You mean democracy in Kosovo supported by American guns?
In Response

by: Marvin McCardle from: San Tan Valley
February 24, 2016 02:26
This was and still is a military coup on Russia's part. It is a act of war and cannot be looked upon as anything else. Russia invaded a sovereign nation and it broke the treaty signed by them and Ukraine and the UK and the USA. Remember that ?
In Response

by: James Canchela
February 24, 2016 02:43
Would you please bother to read the article before making comments.
In Response

by: Genet from: Germany
February 24, 2016 03:43
Well articulated !El Ef
The people of crimea has voted to return back to Russia ! No doubt Except the double standard of the so called our western democracies !
Crimea has gone not to return ! The empty cry of the long arms of pseudo democracies Media like RFE will continue ! AS an encient proverb put it Dogs are barking the camel has continue its Journey !
In Response

by: H from: Donbass
February 24, 2016 05:09
Kosovo was in a state of war and serbs were massacring Muslims. Crimea was not. So no comparison.The primary reason Russia supports serbs because of their xenophobia and racism against ethnic Muslims and their pan slav agenda. Their OWN policy in Chechnya clearly shows it.

by: SuperG from: Tennessee
February 24, 2016 04:45
Great writing. As we have seen the Ukrainians were able to rise up and eventually obtain a stalemate. Putin found out that there were very few pure Russian speakers or sympathizers outside of Crimea and most Ukrainians did not want to be part of a Russian buffer zone to NATO. The problem for Ukraine now is internal. Reforms are not coming and Putin could yet win because of a Russia’s social contagion – Soviet Kleptocracy.

by: Vid Beldavs from: Latvia
February 25, 2016 16:20
I see a scenario where the whole process was engineered from the start by Moscow. Yanukovych had negotiated the agreement with the EU, was satisfied with the terms and had the backing not only of his party, but of the vast majority of the Ukrainian people The vote in the parliament earlier in the year had been 318 for EU out of a total of 449 that included abstentions. Polls were running well into the 70% for the EU association. When Putin forced Yanukovych to switch at the lost moment for Russia massive demonstrations were assured. Pressure on Yanukovych included a threat of total cutoff of agricultural imports from Ukraine plus the $3 billion bribe and no doubt other measures. After Yanukovych caved the firm measures recommended by Russia resulted in resistance, but unlike Syria, not armed resistance. The sniper shootings spelled the end for Yanukovych. The night before he was spirited out of Kiev the security forces disappeared from the central city. Why? Who ordered this? Was there an expectation of chaos justifying the use of the Russian troops massed on the Ukrainian border? If armed chaos had erupted many in the EU might have even welcomed Russia marching into Kiev and restoring order. Former separatist leader Igor Girkin (Col Strelkov) has commented that despite numerous provocations the people of Ukraine simply did not want to fight. He made the war in the East unavoidable. Strelkov had earlier been involved in the takeover of Crimea, for which Putin personally claims credit in fact due its success Putin is on record as saying he commanded the operation. But, was much more expected that did not succeed because the people of Ukraine simply did not want to fight, there was in reality an absence of the hostility to feed ethnic conflict and civil war.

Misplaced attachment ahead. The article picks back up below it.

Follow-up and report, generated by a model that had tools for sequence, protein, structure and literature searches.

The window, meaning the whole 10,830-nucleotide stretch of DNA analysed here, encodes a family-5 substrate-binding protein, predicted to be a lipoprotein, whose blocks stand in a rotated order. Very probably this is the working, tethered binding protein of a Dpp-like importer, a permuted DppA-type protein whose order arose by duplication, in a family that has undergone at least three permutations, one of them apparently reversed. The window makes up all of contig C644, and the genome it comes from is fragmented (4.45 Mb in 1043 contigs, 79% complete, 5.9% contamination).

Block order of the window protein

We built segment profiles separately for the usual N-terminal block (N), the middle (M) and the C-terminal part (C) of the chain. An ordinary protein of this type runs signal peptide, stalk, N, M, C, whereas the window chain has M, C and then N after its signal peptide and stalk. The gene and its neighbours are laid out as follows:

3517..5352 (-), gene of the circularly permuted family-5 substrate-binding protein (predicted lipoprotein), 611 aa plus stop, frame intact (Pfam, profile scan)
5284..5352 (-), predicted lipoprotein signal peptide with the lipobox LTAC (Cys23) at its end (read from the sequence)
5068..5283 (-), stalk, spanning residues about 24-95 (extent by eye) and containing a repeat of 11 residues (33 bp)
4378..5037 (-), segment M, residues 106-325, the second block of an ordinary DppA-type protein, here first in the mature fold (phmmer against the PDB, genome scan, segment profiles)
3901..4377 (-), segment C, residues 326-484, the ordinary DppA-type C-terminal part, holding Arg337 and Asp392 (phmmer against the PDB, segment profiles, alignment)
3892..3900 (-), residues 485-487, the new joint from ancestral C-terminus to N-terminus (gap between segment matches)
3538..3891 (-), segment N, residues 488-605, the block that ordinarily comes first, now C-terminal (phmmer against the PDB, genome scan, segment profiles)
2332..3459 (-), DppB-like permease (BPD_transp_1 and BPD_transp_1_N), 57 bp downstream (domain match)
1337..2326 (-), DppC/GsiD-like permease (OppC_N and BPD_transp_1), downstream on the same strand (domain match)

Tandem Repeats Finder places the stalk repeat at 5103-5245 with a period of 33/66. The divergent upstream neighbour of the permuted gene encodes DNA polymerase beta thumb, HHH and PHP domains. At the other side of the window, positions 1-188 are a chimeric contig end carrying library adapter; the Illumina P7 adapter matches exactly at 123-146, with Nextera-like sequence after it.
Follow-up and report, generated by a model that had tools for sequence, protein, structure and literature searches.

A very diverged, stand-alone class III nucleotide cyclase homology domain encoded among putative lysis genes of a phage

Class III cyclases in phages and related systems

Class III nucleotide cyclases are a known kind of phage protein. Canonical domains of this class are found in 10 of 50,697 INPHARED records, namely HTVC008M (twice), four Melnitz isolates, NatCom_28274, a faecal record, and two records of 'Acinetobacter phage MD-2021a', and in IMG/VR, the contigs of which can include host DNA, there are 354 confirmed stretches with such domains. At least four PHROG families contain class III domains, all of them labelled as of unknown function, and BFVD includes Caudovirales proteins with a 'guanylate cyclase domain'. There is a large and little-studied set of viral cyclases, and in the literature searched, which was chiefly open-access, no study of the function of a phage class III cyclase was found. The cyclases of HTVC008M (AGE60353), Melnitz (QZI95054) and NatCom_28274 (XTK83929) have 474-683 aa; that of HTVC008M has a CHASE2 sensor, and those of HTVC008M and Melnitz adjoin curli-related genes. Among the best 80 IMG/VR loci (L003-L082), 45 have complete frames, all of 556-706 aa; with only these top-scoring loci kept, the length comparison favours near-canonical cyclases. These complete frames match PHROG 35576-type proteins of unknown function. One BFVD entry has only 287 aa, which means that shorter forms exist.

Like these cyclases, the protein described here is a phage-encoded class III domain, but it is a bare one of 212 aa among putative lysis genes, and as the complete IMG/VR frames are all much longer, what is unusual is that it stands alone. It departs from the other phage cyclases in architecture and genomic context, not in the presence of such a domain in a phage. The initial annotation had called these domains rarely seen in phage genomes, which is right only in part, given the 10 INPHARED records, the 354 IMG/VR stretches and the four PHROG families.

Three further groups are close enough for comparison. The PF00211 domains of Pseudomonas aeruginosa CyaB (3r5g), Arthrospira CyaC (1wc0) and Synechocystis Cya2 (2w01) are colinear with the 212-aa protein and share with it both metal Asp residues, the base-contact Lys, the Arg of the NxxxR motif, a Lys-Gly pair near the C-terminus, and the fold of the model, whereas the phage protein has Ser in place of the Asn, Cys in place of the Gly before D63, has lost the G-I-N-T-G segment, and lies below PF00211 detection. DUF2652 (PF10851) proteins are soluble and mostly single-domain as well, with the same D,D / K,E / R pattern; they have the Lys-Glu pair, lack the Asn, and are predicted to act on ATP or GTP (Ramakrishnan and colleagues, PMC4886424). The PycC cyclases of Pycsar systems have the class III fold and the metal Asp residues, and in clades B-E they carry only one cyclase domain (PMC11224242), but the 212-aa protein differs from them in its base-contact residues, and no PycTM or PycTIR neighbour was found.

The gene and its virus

by: Steve
February 26, 2016 05:36
It is easy to forget how the situation was engineered by Russia, anti-Ukrainian propaganda had been a facet of Crimean life for almost 20 years, in almost every media opportunity, and that anti-Ukrainian propaganda was massive during Euromaidan, the Crimeans were told that fascists from Kyiv were coming to kill them for speaking Russian. Now the tide is slowly turning, as they see Ukraine (albeit too slowly) beginning to reform and being offered opportunities, like visa-free travel etc... Ukraine will win with persistence, reform and by punishing those guilty of stealing from her. Slava Ukraina!

About This Blog

Using regional media and the reporting of Current Time's wide network of correspondents, Anna Shamanska will tell stories about people and society you are unlikely to read anywhere else.